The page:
2. I’m not big on “should”… but I am supposed to be reading books for an awards competition and I can’t exactly put those off forever, especially if a couple of them aren’t things that I’ll ever actually want to read.

    I do review the fluff books (although my reviewettes are far, far less comprehensive than your reviews!), because there’s enjoyable fluff and poorly done annoying fluff. If I can steer people away from the crap fluff, yay. 🙂 But I have to agree, most fluff (however well done) doesn’t lend itself to long reviews.

    • See I think we all have books that we need or should read for whatever reasons (awards, competitions, reviews, whatever). It happens. I just am feeling a little rebellious against the shoulds vs. the wants of late.

      I don’t think there’s anything wrong with fluff. As Tam said there are several authors that have made somewhat lucrative careers out of publishing nothing but… whenever I go to read fluff I check out GR and look at the ratings not the reviews. I look at yours, Kris’, Tam’s star ratings and see if the fluff is worthwhile. When it’s fluff, what is there to review?

  3. I used to feel a real pressure to read the classics when I was an English lit teacher – I was worried some student would catch me out for not having read some great work of literature and denounce me as a fraud. Usually I was pleasantly surprised at how readable the classics were (War and Peace, anyone?) – although not so enamoured of the latest trendy lit fic novels (A Heart Breaking Work of Staggering Genius was no such thing)

    Nowadays I only ever feel a slight pressure to read certain things – it can be difficult when another author befriends me online – I might like them personally, but I don’t always like their writing style. I find myself increasingly reluctant to read things by people who befriend me in case I just don’t know what to say to them about it. I don’t tell anyone I’m going to read their stories anymore and do it in secret.

    I do currently have two Rainbow Award entries left to read and I’m not enthusiastic about the sound of either of them. I suppose I’ll just have to plough on through the resistance.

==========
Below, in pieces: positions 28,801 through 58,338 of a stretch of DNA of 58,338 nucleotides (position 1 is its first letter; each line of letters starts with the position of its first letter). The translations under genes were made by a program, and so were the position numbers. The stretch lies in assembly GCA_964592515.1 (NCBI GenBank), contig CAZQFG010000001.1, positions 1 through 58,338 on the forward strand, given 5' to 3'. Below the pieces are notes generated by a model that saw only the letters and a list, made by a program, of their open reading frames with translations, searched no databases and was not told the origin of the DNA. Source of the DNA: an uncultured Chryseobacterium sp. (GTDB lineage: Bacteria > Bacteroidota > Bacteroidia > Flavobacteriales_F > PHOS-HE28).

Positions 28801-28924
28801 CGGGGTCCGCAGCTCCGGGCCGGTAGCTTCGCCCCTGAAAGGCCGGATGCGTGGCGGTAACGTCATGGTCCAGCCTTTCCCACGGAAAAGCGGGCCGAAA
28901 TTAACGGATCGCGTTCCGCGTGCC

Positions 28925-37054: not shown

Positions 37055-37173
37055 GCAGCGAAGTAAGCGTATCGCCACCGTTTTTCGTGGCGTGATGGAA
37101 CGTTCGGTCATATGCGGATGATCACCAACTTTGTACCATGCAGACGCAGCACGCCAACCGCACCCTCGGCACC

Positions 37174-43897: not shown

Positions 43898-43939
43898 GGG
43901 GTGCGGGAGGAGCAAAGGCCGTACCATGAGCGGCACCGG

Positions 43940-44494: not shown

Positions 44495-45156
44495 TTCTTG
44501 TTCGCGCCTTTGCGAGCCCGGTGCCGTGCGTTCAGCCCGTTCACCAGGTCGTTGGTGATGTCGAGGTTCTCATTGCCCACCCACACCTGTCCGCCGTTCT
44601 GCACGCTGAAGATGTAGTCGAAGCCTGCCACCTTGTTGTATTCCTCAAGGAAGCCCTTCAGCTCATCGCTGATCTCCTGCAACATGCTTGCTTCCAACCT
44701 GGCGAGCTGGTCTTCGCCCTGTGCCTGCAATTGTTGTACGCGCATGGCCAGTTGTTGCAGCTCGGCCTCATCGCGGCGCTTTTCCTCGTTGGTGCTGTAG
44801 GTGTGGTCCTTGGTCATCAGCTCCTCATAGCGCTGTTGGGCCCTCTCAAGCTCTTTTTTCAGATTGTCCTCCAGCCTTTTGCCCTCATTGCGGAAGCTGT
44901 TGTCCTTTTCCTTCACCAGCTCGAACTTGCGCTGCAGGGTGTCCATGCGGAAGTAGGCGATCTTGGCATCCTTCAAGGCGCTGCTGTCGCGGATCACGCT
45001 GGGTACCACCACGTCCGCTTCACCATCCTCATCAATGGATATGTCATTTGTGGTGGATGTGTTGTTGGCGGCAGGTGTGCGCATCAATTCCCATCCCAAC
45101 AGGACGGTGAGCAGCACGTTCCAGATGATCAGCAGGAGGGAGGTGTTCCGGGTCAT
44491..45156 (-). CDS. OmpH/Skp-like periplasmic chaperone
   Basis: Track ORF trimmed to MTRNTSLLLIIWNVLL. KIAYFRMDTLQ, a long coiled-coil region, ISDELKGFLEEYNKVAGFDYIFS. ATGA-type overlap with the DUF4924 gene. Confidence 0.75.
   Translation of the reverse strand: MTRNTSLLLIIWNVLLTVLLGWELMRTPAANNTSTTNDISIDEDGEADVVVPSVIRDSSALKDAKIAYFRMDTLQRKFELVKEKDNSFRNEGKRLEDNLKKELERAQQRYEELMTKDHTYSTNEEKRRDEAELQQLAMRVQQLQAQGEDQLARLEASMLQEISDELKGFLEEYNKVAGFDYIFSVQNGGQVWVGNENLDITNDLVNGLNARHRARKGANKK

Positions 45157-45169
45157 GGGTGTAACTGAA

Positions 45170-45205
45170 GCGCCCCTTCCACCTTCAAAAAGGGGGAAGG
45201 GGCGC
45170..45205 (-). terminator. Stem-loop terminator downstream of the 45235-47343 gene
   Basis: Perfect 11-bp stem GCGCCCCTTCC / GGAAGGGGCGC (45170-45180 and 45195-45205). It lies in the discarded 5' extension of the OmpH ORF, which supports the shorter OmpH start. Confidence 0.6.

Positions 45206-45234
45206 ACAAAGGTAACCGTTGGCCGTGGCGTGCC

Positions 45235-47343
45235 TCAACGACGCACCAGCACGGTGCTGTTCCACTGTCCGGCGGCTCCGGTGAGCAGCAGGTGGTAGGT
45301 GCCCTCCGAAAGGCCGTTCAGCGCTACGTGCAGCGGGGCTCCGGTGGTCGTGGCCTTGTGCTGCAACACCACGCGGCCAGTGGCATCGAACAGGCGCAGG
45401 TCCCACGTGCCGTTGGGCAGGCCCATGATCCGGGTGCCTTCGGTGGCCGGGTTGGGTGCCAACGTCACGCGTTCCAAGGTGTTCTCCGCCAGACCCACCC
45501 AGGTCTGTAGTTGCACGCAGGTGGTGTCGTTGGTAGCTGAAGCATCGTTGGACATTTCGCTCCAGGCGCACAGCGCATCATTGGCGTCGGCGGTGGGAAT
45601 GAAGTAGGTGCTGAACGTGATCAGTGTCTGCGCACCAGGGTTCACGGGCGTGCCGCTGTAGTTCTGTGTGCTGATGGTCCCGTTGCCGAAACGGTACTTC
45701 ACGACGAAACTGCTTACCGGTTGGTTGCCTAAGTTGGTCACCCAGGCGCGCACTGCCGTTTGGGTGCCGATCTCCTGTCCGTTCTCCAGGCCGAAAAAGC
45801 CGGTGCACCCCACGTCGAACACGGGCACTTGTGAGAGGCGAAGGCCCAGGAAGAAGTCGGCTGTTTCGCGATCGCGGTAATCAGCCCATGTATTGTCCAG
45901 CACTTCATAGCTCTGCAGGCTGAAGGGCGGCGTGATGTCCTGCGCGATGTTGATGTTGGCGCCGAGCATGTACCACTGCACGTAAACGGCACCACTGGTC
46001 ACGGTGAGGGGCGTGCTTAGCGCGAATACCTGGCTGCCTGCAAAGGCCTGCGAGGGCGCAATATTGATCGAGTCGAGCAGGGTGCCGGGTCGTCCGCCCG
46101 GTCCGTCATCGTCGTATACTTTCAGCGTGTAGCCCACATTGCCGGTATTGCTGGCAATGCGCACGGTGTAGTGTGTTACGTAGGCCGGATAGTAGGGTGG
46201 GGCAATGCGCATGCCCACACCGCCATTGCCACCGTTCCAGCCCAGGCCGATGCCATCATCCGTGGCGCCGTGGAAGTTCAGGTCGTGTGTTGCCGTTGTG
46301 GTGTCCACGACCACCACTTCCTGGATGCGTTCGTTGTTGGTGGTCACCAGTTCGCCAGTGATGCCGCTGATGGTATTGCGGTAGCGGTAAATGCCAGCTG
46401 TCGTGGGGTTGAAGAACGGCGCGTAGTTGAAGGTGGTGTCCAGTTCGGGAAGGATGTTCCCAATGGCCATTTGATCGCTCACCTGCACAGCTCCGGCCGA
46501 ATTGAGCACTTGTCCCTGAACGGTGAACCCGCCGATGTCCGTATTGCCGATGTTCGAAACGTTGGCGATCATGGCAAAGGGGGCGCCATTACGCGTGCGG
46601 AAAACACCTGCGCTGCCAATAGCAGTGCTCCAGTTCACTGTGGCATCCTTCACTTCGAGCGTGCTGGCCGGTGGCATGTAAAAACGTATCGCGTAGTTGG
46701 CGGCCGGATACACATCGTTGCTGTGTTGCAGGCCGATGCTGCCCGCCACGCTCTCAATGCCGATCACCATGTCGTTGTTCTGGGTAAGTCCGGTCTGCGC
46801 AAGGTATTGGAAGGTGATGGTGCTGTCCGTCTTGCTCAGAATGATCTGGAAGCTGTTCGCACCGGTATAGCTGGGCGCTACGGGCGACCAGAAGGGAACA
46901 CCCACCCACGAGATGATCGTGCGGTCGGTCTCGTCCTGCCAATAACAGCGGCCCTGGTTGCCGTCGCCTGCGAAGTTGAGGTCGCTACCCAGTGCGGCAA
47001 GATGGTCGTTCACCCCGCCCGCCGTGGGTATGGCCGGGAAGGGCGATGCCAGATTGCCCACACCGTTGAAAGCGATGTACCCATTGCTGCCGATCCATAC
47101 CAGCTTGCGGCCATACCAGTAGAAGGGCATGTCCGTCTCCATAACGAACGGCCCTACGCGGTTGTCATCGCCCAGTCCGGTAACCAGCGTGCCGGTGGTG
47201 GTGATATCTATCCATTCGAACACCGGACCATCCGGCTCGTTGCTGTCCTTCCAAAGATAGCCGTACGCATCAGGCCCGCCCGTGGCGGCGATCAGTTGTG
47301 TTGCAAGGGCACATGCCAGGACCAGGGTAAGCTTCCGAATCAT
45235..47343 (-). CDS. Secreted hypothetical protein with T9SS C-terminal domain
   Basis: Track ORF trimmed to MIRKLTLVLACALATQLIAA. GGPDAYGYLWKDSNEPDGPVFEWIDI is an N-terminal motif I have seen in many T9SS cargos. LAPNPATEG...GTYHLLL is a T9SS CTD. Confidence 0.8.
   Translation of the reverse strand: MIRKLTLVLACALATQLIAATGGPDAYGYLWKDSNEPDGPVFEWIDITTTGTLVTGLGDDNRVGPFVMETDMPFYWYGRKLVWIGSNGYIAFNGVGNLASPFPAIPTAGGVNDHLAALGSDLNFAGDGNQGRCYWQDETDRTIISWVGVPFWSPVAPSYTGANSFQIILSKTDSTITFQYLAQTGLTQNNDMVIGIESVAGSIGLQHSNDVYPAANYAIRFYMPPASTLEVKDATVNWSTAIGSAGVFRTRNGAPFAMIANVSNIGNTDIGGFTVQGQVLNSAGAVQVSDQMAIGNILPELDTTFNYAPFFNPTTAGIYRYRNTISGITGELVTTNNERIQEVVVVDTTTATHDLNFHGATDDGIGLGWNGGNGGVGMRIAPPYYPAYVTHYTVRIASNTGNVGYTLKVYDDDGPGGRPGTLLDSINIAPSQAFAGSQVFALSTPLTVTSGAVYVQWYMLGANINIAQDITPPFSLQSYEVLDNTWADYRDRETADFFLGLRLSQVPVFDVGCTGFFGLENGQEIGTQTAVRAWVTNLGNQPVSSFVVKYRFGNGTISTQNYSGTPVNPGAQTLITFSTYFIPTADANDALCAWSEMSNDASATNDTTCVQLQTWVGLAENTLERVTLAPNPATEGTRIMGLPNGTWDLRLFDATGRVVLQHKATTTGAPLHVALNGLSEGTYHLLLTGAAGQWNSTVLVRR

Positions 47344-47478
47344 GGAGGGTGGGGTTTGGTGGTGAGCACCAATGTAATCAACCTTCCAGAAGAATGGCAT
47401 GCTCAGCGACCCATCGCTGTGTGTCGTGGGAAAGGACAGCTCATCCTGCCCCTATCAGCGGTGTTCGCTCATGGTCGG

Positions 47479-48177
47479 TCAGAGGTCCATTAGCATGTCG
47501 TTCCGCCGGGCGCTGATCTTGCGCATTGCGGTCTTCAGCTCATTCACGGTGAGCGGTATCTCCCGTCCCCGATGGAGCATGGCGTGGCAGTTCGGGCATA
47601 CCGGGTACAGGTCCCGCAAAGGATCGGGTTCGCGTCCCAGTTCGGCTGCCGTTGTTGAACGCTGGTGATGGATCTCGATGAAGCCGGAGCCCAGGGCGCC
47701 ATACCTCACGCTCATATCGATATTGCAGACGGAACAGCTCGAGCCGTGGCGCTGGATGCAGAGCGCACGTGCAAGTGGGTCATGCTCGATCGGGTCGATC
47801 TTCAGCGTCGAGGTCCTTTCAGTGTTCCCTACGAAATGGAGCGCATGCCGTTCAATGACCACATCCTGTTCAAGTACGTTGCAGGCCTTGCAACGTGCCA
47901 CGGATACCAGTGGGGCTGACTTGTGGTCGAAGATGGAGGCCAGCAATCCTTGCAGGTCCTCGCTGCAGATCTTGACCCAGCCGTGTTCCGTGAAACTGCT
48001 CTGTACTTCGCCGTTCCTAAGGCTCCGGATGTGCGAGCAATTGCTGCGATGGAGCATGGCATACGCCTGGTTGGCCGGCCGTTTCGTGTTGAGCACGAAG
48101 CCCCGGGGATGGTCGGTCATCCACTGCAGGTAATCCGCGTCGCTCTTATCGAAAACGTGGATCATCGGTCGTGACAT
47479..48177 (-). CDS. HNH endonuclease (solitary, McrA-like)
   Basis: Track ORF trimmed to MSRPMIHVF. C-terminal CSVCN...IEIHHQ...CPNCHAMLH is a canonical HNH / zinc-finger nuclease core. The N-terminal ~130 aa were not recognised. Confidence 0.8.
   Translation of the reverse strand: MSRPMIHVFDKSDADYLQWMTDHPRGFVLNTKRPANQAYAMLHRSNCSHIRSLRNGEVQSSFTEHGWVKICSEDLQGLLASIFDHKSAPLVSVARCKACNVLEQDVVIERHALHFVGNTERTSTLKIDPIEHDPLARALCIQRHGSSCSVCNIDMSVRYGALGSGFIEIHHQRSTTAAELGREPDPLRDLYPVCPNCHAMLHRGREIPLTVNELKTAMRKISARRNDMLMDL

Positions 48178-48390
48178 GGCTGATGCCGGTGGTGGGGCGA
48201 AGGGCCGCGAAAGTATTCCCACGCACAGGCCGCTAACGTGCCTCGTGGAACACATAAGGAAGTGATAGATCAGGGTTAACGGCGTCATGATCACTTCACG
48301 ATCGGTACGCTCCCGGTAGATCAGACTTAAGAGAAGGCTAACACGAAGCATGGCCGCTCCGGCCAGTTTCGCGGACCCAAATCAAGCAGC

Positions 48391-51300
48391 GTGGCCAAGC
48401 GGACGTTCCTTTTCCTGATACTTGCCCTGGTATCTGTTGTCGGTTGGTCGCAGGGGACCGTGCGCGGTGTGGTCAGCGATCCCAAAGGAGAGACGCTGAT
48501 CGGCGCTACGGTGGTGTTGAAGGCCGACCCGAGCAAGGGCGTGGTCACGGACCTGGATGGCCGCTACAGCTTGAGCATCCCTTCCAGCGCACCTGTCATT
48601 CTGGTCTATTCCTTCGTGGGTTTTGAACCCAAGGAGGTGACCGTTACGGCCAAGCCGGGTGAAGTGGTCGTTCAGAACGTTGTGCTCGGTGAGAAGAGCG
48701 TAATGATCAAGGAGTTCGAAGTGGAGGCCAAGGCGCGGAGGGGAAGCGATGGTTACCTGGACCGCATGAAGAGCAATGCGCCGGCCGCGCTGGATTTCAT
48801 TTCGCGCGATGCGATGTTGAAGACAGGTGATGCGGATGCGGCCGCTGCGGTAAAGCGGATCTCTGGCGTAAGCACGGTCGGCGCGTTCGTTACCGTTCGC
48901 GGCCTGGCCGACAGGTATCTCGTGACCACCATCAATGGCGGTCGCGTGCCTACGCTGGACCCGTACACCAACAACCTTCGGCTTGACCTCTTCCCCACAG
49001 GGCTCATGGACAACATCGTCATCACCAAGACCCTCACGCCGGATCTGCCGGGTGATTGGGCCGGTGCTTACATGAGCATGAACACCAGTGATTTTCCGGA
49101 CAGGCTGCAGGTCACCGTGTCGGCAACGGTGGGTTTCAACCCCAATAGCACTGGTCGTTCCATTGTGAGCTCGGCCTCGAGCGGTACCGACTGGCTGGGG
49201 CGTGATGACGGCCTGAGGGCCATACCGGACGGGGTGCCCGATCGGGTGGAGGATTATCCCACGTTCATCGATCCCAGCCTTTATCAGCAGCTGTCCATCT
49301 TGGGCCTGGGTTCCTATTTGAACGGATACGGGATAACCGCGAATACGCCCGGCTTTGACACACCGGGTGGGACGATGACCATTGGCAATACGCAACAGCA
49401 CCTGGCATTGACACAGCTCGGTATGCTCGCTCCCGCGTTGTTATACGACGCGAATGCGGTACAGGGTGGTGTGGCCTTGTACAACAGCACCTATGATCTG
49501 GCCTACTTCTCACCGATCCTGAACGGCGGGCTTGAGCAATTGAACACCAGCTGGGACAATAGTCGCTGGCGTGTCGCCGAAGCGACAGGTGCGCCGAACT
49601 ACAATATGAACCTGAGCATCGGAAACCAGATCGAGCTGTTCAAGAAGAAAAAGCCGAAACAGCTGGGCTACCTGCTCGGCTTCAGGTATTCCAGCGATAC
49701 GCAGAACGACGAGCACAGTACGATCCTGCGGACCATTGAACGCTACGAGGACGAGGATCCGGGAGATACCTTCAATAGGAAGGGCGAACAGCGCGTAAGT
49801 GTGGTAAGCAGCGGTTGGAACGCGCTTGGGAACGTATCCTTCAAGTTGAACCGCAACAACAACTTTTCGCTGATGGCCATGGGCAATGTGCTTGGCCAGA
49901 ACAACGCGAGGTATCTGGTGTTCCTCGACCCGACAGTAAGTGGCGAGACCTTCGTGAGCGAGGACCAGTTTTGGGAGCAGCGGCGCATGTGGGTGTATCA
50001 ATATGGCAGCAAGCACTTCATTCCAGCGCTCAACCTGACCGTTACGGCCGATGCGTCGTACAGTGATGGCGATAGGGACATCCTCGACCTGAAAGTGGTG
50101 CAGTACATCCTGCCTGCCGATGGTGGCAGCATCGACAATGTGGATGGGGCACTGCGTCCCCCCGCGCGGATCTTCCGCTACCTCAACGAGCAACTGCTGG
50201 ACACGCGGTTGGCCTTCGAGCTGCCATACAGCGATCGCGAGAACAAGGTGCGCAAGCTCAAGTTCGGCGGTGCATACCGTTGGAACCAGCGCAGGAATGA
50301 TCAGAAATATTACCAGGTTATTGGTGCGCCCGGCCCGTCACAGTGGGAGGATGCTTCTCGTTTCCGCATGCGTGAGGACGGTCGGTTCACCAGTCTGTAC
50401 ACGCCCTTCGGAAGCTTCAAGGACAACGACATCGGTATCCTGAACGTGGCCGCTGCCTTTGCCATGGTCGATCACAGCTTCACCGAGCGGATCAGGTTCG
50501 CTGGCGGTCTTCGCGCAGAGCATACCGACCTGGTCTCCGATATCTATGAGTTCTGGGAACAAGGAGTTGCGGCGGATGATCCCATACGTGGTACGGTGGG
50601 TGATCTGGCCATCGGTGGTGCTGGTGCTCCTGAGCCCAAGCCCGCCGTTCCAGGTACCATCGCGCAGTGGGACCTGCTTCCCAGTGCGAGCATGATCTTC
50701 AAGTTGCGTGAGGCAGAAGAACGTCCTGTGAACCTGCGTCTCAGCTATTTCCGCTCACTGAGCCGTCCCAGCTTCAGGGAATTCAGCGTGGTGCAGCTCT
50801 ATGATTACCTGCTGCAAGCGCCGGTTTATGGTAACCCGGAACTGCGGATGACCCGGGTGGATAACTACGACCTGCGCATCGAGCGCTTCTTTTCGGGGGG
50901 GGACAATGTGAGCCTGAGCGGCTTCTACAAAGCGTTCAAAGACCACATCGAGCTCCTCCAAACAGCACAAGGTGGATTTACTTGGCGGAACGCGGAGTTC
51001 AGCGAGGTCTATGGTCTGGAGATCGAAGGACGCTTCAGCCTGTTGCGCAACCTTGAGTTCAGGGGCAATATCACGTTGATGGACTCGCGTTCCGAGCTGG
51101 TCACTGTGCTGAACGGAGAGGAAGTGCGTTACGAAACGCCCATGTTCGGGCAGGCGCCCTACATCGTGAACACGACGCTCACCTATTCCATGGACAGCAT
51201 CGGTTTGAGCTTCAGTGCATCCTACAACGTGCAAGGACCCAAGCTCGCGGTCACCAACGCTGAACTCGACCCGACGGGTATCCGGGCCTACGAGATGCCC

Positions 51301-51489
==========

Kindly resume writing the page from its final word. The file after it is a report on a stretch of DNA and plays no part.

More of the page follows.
• Oh those classics. Thankfully I went through a phase where I wanted to read nothing but those so I’ve read ’em all but not sure I’d go back there. I spent one summer reading everything Shakespeare had written but not sure I’d do that again. I will say they were always much better when I was into the books then when I forced myself to get into them.

      I think as I get older I have less time and energy to worry about the “should” books in life and just focus on the want to books. If you only have 2 books in the should category you have to push through, that’s pretty impressive. I think my list is in the triple digits and chances of pushing through that are slim to none sadly.

  4. Right at the moment. I’m reading the final book in a series. I want to know what happens, but…I really would rather skip to the last chapter. But I feel like I ‘should’ finish it.

    And let’s not get into all those highbrow books I have yet to read. Catcher in the Rye anyone?

    • Oh let’s pretend you didn’t say that. Catcher in the Rye is one of the better “classics” but seriously I hate just about anything Dickens wrote (with the christmas exception).

      • Heh – nice to know I’m not the only discerning reader who can’t stand Dickens. Sometimes I feel I must be missing the point, but I just can’t see what all the fuss is about.

        But Catcher in the Rye is a gorgeous novel, I agree.